If funded, Dr. Bennett B. Goldberg would serve as PI over this collaborative project that includes ten universities with Iowa State as the lead institution. Dr. Jennifer E. Hobbs would serve as the NU project Co-I, and Dr. Robert Linsenmeier would also fill a Senior Personnel role on the project. Underrepresented graduate students regularly experience a broad range of implicit bias, microaggressions, and occasionally direct racist remarks. The cumulative effect of a negative climate in their departments and research groups creates draining challenges for underrepresented students until, often, they decide that they do not belong and thus do not seek a faculty career. Many universities (including the ten partners in this proposal) offer a broad range of programs that directly support underrepresented students and postdocs through services such as bridge programs, mentoring, and professional development. We propose a major, complementary initiative to improve the climate for underrepresented students and postdocs. The essential logic of our grant is: approximately half of underrepresented PhD students are initially interested in faculty careers. Yet in the first few years of a PhD, there is a catastrophic loss of this interest. We aim to improve the quality of advising and the research climate in our institutions through workshops on inclusion, and we will measure the impact of our interventions on the students’ sense of belonging in our STEM departments and research groups as well as on their overall commitment to a faculty career. Since the partners are all members of the Center for the Integration of Research, Teaching, and Learning Network (CIRTL), we will disseminate our tested practices and workshops across the CIRTL universities that produce 30% of the nation’s STEM PhDs and 45% of STEM postdocs, with the long-term goal of contributing to AGEP’s objective of building a more diverse STEM faculty. Intellectual Merit: To tackle this complex, multifaceted social problem of inclusive climate we have formed a Networked Improvement Community of nine CIRTL universities. We will undertake planned, coordinated initiatives to improve faculty advising as well as the mentoring provided by postdocs, who spend considerable day-to-day time with graduate students. We will also develop and test initiatives on building an inclusive community amongst graduate students. Each university will use common measures to assess the effectiveness of these initiatives and will use these data in intentional cycles that improve each of these initiatives. The annual cycles of the NIC produce a set of measurements on both underrepresented students and postdocs interest in faculty careers, the climate experienced by students and postdocs, and the quality of advising. We will complement these quantitative measures with in-depth qualitative interviews to understand their sense of belonging and the factors that have impacted their career choices. At the end of these cycles, we will have a model set of initiatives for faculty advisors, postdoc mentors, and graduate student peers that been tested at nine diverse universities that strengthen underrepresented student and postdoc interest in faculty careers. Broader Impact: The broadest impact will be on diversity in STEM through the ongoing work of the thousands of people impacted by an inclusive climate in graduate education. Current faculty who have participated in the initiative will be more effective in advising a broader range of students. URG students with a strengthened interest in a faculty careers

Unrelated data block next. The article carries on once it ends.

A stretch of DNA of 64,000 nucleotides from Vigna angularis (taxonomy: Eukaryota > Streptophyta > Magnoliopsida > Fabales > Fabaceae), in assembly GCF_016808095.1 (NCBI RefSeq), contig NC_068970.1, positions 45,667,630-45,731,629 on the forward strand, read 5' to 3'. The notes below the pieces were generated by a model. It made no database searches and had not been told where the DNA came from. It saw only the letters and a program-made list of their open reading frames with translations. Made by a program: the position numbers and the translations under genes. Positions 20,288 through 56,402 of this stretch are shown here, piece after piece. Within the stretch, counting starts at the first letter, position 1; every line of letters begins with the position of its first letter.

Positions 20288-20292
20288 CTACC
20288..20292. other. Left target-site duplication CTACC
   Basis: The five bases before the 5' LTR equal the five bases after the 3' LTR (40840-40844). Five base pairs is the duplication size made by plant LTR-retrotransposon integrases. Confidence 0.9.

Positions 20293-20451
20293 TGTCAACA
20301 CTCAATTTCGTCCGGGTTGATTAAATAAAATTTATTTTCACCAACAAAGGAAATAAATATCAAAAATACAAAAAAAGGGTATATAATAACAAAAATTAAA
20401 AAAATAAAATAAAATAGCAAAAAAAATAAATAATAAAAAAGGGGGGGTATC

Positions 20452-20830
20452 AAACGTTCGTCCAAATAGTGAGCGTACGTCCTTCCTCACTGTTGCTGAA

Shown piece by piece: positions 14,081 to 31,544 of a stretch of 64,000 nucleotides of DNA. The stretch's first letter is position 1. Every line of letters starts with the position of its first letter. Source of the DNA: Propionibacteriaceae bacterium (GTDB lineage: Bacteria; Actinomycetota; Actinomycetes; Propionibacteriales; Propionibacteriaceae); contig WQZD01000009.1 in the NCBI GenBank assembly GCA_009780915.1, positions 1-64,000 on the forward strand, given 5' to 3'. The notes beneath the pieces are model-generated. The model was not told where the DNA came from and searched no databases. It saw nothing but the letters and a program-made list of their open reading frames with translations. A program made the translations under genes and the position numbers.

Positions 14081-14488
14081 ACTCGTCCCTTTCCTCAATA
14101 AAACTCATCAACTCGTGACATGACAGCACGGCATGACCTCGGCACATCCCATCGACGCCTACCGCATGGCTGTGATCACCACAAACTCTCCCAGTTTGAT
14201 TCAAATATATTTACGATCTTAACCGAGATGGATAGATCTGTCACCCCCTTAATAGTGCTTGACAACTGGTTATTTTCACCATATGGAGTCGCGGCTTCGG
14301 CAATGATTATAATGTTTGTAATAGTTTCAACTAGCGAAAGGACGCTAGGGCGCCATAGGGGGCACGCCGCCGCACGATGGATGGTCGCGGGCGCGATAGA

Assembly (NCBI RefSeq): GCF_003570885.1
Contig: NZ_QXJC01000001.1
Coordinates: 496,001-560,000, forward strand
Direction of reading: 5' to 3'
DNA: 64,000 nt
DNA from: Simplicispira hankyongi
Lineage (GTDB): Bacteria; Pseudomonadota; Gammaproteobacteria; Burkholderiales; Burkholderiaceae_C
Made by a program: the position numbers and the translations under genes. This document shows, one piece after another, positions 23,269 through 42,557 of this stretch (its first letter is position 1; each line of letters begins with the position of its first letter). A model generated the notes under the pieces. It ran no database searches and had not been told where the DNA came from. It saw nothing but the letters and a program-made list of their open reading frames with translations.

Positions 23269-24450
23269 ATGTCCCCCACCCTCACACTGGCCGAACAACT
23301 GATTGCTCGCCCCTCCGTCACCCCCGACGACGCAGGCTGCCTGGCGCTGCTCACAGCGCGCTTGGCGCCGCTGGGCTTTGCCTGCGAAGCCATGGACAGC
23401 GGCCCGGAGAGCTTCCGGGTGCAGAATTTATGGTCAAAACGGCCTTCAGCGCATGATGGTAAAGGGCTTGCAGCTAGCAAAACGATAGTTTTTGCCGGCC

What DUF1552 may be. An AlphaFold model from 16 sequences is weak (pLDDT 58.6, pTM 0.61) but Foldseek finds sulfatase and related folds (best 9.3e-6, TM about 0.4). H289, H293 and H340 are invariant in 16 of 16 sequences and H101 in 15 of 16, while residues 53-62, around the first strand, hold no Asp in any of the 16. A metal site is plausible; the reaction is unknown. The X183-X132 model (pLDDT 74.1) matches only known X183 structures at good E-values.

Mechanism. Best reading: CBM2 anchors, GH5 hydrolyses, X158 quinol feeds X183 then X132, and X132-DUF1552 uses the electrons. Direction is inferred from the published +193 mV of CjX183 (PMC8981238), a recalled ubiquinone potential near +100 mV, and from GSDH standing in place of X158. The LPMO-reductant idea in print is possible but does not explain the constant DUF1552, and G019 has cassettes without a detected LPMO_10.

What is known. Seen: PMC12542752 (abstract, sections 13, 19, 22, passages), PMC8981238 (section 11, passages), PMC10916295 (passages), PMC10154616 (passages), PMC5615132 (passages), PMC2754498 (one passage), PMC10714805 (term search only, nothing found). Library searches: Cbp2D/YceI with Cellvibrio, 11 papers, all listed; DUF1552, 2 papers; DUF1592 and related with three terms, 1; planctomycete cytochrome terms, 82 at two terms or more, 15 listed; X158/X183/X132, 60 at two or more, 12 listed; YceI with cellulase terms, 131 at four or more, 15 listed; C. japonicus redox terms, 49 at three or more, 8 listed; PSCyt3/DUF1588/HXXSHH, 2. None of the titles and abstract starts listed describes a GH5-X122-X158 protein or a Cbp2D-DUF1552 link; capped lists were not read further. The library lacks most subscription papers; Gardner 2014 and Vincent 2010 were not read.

|Effective start/end date||10/1/16 → 9/30/22|
- National Science Foundation (HRD-1647146-005)
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